Why Making Money is More Fun than Having It


I’ve always enjoyed making money more than having it. Having money is nice, but it’s only a blip on my life contentment scale. I’m no fan of poverty, but the difference between $40,000 per year and $400,000 isn’t that much.

Despite these simple tastes, I’ve always been keenly interested in making money. Making money is fun and challenging. Running a business is both complex and simple at the same time, and the artists of making money need to know how to balance both. It requires a diverse set of skills, but also rewards people who can specialize carefully. To me, making money is one of the best games ever discovered.

I can remember writing on a forum post for internet entrepreneurs, several years back. One person was complaining about the difficulties of living on a small income. I quipped that if he could afford a high-speed internet connection, he already had enough money and should just enjoy the process of making it. Pretty trite, I know, but the idea still sticks with me.

I’ve known many people who have become obsessed with one game or another. They read all the strategies, practice and go to incredible lengths to be good at this game. The game is fun, but when it ends, nothing more has been accomplished. Nobody is better off, now that they have mastered this game.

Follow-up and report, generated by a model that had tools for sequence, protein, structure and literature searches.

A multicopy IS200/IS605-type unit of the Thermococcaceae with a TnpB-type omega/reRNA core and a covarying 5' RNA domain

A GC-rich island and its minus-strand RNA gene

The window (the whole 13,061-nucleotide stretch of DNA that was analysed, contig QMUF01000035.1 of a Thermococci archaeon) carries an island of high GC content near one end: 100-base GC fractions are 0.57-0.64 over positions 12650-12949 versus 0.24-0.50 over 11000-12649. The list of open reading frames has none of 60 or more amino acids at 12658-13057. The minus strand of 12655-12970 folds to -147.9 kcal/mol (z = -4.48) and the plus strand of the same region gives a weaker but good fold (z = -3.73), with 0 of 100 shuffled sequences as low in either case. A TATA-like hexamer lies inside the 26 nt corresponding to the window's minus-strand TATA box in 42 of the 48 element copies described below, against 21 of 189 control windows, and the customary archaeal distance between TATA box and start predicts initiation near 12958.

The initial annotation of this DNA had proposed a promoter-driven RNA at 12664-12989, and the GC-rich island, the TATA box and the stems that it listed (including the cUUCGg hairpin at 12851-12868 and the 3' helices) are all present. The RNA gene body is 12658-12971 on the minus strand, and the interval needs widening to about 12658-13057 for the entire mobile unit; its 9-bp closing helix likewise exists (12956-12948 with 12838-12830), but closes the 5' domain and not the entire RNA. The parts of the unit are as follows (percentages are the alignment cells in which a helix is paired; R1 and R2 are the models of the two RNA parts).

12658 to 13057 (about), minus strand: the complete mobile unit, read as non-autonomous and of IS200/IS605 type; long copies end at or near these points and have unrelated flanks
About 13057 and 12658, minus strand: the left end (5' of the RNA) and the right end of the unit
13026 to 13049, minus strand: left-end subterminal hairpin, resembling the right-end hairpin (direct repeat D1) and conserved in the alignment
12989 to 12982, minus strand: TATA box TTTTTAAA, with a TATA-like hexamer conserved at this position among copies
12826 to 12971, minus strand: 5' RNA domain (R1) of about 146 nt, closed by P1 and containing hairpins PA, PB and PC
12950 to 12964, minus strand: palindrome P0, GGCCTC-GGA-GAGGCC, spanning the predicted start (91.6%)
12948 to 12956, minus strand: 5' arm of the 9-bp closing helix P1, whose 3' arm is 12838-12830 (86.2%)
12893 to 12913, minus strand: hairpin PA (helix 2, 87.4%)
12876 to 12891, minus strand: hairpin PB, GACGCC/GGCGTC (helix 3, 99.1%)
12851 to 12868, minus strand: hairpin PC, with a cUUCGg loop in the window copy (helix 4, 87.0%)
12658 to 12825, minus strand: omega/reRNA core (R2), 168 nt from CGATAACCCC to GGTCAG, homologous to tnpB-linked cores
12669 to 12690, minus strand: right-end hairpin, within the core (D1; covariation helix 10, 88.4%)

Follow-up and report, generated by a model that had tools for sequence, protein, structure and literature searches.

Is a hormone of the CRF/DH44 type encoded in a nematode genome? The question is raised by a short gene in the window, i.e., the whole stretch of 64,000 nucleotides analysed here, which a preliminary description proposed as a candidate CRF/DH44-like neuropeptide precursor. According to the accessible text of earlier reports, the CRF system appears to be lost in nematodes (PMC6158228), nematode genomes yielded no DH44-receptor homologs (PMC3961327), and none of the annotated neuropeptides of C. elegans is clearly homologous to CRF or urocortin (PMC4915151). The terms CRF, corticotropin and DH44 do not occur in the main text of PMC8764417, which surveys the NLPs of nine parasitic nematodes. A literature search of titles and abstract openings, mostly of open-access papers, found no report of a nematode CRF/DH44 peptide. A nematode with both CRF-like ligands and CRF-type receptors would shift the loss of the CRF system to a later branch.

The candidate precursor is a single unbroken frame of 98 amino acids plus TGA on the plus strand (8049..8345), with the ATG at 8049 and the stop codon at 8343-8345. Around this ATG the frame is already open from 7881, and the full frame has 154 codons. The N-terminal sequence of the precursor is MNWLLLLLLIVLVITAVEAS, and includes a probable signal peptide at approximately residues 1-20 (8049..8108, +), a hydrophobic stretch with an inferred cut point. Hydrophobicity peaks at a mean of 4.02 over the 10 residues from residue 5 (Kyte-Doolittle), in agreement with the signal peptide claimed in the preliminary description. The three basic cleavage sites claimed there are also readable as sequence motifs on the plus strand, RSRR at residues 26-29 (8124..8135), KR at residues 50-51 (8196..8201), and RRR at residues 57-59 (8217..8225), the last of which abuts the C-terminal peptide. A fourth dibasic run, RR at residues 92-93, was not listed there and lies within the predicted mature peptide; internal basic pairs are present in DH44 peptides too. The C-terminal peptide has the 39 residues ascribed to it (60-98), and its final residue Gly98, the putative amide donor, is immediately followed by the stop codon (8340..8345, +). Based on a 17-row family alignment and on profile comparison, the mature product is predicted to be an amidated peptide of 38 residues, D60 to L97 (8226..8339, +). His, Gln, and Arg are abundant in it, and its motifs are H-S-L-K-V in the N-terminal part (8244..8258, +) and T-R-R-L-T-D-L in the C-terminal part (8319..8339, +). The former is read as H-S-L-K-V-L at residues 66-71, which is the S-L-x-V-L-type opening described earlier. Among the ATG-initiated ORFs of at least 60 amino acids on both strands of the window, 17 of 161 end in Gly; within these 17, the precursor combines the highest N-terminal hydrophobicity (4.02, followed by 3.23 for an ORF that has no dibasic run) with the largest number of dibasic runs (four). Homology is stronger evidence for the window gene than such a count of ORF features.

Not true with the game of making money. When you make money, you’re exchanging value you’ve created for money. I use the words “making” money literally because that is what you are doing. Currency is just pieces of paper. They are a medium of exchanging value between two people. When you “make” money, you might not be printing dollar bills, but you’ve created the essence of what drives value around.

Isn’t Money-Making a Selfish, Evil, Greedy Pursuit?

It seems our cultural consciousness has made the connection between “making” money and stealing money. Rich people aren’t generating value, they’re just feeding off the hard work of people around them. The only way to get rich is to make somebody else poor. Virtuous people don’t engage themselves in the dirty business of making money.

I think this confusion arises because many people are motivated by having money, not making it. They want to have money, so that means that they use whatever combination of cheating, stealing and creating that gets them the biggest payoff the fastest. That can be a dirty business, so I understand why some people have made some negative associations.